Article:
Linux internals or how Linux works

    Over the course of the year, we published three books on Linux that we welcomed:

    Linux. Install, configure, administer
    Ubuntu and Debian Linux for advanced: more than 1000 indispensable commands. 2nd ed.
    Linux System Programming. 2nd ed.

    Now we plan to make a new book and settled on the option - How Linux Works: What Every Superuser Should Know . We want to know your opinion and decide whether to make a book.

    A small review of the previous edition:

    This book will introduce you to the internal organization of the Linux operating system. If you are a beginner (the book is well written even for beginners), a programmer, system administrator, regular user or researcher - however, if you are just always interested in how this or that thing works, then this book is for you. For example, I am a programmer, I read it in order to study Linux better, since earlier my acquaintance with this system was limited to reading online manuals. The book is divided into three parts. Part 1 describes the general principles of the design and operation of Linux. The second part discusses the programming tools available on Linux. The third part contains specialized topics, in particular, the work with the core, printing, etc. are explained.

    Part 1:the basics are very detailed. I noticed that to clarify information on some of the commands discussed in this part, it’s enough to read man or info help, but the author clearly conceived the book differently. However, for reference, the author describes all the basic Linux commands and makes a brief introduction on each of them. The book tells in an extremely simple language how exactly and by what principles Linux file systems work. For example, I always got confused in them, but after reading this book, I found out for myself all the nuances. While exploring the basics of Linux, we also get to know the bootloaders of this operating system - GRUB and LILO. I note that the book perfectly examines the network aspects of working in Linux. I can’t comment on the part about ppp, but Ethernet, iptables and network address translation (NAT) topics are covered very well. Moreover, the author explains in detail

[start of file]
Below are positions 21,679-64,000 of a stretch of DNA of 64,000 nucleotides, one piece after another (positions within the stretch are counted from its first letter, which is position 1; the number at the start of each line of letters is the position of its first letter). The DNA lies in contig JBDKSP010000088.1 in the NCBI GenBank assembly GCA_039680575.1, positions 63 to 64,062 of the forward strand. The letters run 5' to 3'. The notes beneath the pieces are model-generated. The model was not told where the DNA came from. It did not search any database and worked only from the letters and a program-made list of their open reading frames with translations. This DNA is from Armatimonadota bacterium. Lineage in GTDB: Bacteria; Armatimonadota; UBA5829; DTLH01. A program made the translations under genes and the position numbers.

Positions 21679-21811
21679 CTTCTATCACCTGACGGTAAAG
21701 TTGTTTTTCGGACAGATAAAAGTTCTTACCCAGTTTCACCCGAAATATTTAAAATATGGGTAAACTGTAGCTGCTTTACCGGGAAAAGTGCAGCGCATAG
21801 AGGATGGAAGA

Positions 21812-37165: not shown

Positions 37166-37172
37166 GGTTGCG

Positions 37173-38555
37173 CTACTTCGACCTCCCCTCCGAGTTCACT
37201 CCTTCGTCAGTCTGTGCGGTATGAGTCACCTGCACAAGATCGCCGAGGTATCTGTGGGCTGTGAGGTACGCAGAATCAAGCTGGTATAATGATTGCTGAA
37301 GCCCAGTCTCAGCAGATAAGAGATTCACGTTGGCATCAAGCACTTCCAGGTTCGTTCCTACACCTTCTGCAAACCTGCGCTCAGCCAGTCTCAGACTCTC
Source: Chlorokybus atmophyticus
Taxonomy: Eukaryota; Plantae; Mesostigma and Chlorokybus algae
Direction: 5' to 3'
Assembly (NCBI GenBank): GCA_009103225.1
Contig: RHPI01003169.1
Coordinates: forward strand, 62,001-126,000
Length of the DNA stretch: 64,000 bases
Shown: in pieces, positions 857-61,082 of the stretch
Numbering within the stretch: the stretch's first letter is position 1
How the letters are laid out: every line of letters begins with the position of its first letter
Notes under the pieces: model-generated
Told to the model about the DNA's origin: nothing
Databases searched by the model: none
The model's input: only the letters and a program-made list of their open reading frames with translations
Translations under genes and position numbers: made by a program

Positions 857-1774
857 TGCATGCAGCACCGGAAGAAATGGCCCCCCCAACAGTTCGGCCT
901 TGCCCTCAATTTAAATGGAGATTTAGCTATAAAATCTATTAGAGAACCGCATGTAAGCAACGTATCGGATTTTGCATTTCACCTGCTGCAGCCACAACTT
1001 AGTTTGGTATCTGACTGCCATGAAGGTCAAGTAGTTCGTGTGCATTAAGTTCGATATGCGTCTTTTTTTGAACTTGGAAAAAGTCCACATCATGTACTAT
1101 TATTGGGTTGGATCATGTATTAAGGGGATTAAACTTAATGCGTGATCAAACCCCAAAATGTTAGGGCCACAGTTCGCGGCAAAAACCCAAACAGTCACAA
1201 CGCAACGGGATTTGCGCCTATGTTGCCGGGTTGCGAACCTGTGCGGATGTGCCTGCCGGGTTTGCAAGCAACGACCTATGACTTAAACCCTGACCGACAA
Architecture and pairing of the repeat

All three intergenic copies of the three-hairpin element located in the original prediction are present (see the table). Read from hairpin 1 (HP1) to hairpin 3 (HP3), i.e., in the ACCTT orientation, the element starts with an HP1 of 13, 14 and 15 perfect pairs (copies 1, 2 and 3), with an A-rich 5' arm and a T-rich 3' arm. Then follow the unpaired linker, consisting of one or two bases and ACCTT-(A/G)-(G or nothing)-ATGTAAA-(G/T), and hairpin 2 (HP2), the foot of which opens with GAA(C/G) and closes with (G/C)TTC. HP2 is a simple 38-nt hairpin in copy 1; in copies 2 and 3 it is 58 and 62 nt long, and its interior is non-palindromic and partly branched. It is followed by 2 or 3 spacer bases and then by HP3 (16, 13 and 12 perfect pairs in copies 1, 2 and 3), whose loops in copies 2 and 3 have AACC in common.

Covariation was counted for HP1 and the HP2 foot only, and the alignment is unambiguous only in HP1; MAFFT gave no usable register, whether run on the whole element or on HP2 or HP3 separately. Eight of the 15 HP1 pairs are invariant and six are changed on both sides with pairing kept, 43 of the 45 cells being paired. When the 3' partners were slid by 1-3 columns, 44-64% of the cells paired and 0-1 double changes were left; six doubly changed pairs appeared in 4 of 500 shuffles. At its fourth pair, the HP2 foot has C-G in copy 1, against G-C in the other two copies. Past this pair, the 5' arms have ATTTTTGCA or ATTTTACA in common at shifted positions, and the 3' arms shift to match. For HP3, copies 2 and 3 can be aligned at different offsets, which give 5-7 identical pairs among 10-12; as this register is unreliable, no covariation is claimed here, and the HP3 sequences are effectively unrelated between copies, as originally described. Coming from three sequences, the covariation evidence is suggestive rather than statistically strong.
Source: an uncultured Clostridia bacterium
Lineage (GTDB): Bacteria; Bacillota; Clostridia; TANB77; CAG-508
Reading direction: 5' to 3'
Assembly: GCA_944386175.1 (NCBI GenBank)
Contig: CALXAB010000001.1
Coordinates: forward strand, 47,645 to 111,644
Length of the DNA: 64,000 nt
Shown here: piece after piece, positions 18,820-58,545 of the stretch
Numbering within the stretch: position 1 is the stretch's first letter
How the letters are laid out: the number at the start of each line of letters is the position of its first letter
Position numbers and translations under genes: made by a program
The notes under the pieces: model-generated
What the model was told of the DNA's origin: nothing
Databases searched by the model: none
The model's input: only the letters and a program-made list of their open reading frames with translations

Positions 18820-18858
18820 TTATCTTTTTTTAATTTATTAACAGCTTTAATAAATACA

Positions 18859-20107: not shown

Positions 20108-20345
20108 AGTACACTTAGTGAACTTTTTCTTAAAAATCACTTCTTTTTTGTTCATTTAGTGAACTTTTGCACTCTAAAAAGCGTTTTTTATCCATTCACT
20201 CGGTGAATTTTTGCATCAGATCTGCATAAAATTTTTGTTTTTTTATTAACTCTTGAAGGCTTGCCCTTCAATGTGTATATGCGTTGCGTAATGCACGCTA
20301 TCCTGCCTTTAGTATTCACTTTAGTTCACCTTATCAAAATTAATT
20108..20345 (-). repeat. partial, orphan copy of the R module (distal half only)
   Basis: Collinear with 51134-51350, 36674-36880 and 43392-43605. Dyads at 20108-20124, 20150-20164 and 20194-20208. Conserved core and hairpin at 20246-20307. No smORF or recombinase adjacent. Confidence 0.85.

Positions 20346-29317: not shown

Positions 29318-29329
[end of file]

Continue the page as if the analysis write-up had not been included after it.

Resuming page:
Part 2. The second part begins with an introductory course on writing scripts for the shell (Shell scripting). True, we should again make a reservation about the target audience of this book - not all aspects of writing such scripts can be considered in such a small manual. The GCC and Make topics are explained very well (in essence, I figured out Make just by reading this book). Moreover, the scripts in this book are written in Python! Further, the author proceeds to the most interesting (for some, however, the most unbearable) topic in Linux - compiling the kernel. A whole chapter is devoted to working with the kernel; after reading it, I am absolutely sure that I can recompile my system myself.

    Part 3:This part can be read separately from the entire book. It covers specialized topics, each of which can be studied independently. For example, how to set up a network printer? How to work with CUPSd? How to use Ghostscript to convert Postscript to PDF? You will find answers to all these questions here. So, I just needed to learn how to work with the SAMBA file system. My home network consists of computers with Windows, and from time to time I had to access certain files located on them. Now everything has changed! I can easily browse all home directories directly from a laptop that connects to the network wirelessly.

    Users often complain that in Linux there are many bugs when working with hardware. This book has an entire chapter on how to buy Linux-compatible hardware. This material is very useful to you, especially if you are trying to equip your computer with the latest technology. In addition, this chapter will greatly help system administrators engaged in servicing large corporate networks.

    So, I recommend this book to all readers who are interested in the internal organization of Linux. You will find the answers to all your questions and master all the Linux mechanisms perfectly. Of course, after reading it, you will not become an expert on Linux, but will it help you answer many “how” questions? and why"? In the future, it will serve as a solid basis for professional growth in the field of Linux.

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